I invite you to consider that the financial angle of this petition was also very much on Jesus’ mind as well. Consider, for example, this passage from Matthew chapter 18:

21 Then Peter came and said to [Jesus], “Rabbi, if another member of the church sins against me, how often should I forgive? As many as seven times?” 22 Jesus said to him, “Not seven times, but, I tell you, seventy-seven times. 23 “For this reason the kingdom of heaven may be compared to a king who wished to settle accounts with his slaves. 24 When he began the reckoning, one who owed him ten thousand talents was brought to him; 25 and, as he could not pay, his lord ordered him to be sold, together with his wife and children and all his possessions, and payment to be made. 26 So the slave fell on his knees before him, saying, “Have patience with me, and I will pay you everything.’ 27 And out of pity for him, the lord of that slave released him and forgave him the debt. 28 But that same slave, as he went out, came upon one of his fellow slaves who owed him a hundred denarii; and seizing him by the throat, he said, “Pay what you owe.’ 29 Then his fellow slave fell down and pleaded with him, “Have patience with me, and I will pay you.’ 30 But he refused; then he went and threw him into prison until he would pay the debt. 31 When his fellow slaves saw what had happened, they were greatly distressed, and they went and reported to their lord all that had taken place. 32 Then his lord summoned him and said to him, “You wicked slave! I forgave you all that debt because you pleaded with me. 33 Should you not have had mercy on your fellow slave, as I had mercy on you?’ 34 And in anger his lord handed him over to be tortured until he would pay his entire debt. 35 So God will also do to every one of you, if you do not forgive your brother or sister from your heart.”

These are harsh words from Jesus, but I think they reflect the inner and outer hell we can create for ourselves when we fail to forgive, whether emotionally or financially.

As we prepare to move into a time of contemplative silence, I invite you to consider how God is speaking to you this morning. How is Jesus teaching you to pray this morning? What trespasses, what debts, what sins is God inviting to you let go of, release, and forgive?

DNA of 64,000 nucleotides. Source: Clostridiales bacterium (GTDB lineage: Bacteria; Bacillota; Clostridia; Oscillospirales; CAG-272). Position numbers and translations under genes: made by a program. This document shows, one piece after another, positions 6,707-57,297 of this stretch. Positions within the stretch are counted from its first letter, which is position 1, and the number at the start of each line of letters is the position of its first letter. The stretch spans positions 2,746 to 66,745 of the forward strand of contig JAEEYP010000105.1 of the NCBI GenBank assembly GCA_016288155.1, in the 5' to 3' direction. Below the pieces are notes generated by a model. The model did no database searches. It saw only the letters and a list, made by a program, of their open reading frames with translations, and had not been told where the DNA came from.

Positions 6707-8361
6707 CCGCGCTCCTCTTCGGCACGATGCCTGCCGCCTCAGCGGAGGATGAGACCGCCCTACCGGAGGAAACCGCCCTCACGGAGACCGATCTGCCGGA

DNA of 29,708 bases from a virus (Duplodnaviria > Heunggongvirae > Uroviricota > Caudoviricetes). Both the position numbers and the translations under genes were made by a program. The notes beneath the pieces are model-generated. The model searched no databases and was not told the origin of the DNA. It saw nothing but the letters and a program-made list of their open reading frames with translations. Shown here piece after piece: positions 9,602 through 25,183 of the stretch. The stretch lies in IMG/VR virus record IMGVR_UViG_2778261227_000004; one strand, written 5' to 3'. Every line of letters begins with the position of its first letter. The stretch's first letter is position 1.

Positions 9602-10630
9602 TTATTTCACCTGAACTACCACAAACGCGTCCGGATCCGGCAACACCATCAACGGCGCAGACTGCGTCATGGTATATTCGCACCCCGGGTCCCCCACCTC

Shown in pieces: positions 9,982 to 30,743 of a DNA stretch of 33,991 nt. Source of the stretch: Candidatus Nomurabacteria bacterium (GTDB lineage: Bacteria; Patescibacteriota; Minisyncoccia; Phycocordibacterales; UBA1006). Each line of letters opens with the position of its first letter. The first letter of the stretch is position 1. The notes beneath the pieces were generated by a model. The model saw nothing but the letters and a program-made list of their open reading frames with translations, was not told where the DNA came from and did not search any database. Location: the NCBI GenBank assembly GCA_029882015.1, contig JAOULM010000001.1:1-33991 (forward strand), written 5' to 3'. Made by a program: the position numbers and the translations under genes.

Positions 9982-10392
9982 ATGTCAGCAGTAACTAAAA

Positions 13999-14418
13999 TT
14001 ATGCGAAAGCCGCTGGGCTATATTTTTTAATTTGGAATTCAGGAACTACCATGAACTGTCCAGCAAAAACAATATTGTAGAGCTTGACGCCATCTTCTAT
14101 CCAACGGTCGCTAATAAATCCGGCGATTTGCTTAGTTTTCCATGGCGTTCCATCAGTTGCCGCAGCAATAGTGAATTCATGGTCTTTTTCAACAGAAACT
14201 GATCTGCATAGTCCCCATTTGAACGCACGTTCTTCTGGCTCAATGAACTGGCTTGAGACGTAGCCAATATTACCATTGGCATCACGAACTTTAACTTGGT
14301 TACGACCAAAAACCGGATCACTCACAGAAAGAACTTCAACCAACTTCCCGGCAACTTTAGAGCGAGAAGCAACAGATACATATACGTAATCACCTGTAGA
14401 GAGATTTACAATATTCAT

Civil Version of The Lord’s Prayer: Revisioned from Mathew 6 by Hugo Blasdel (

9 Contemplate within, among, beyond: We accept the world as it was, is now, and will be – with all that we are.

10 May where we come from, grow to match the best of humanity. See emergence move evolution.

11 Let us be sustained on the path daily.
12 Let us love all of our neighbors as ourselves, as we have loved life and felt its love.

13 Let us be true and in spirit always. SO BE IT.


1 Many books have been published recently in recognition of the King James Bible’s 400th anniversary that survey the material in the sermon on Tyndale and related anecdotes. For one accessible starting point see, The King James Bible: A Short History from Tyndale to Today by David Norton (2011).

2 For an extended reflection on the Christian practice of forgiveness, see Embodying Forgiveness: A Theological Analysis by L. Gregory Jones (1995).

3 On practicing forgiveness, see Amish Grace: How Forgiveness Transcended Tragedy.  In regard to the Holocause, Simon Wiesenthal famously wrote The Sunflower: On the Possibilities and Limits of Forgiveness. On South African apartheid, a classic work is No Future Without Forgiveness by Archbishop Desmond Tutu.

4 Similar to the Amish story are the many stories of related by the organization Murder Victim’s Families for Reconciliation. To learn more, visit  For another alternative model to the dominant model of punitive justice, see The Little Book of Restorative Justice by Howard Zehr.

5 On the national debt figures, see

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2 Responses to Sermon: “Teach Us to Forgive”

  1. Pingback: “Costly Truth, Costly Forgiveness” (A Progressive Christian Lectionary Commentary on Matthew 18:15-20) | Carl Gregg

  2. Pingback: Carl Gregg » “Costly Truth, Costly Forgiveness” (A Progressive Christian Lectionary Commentary on Matt 18 for Sept 4, 2011)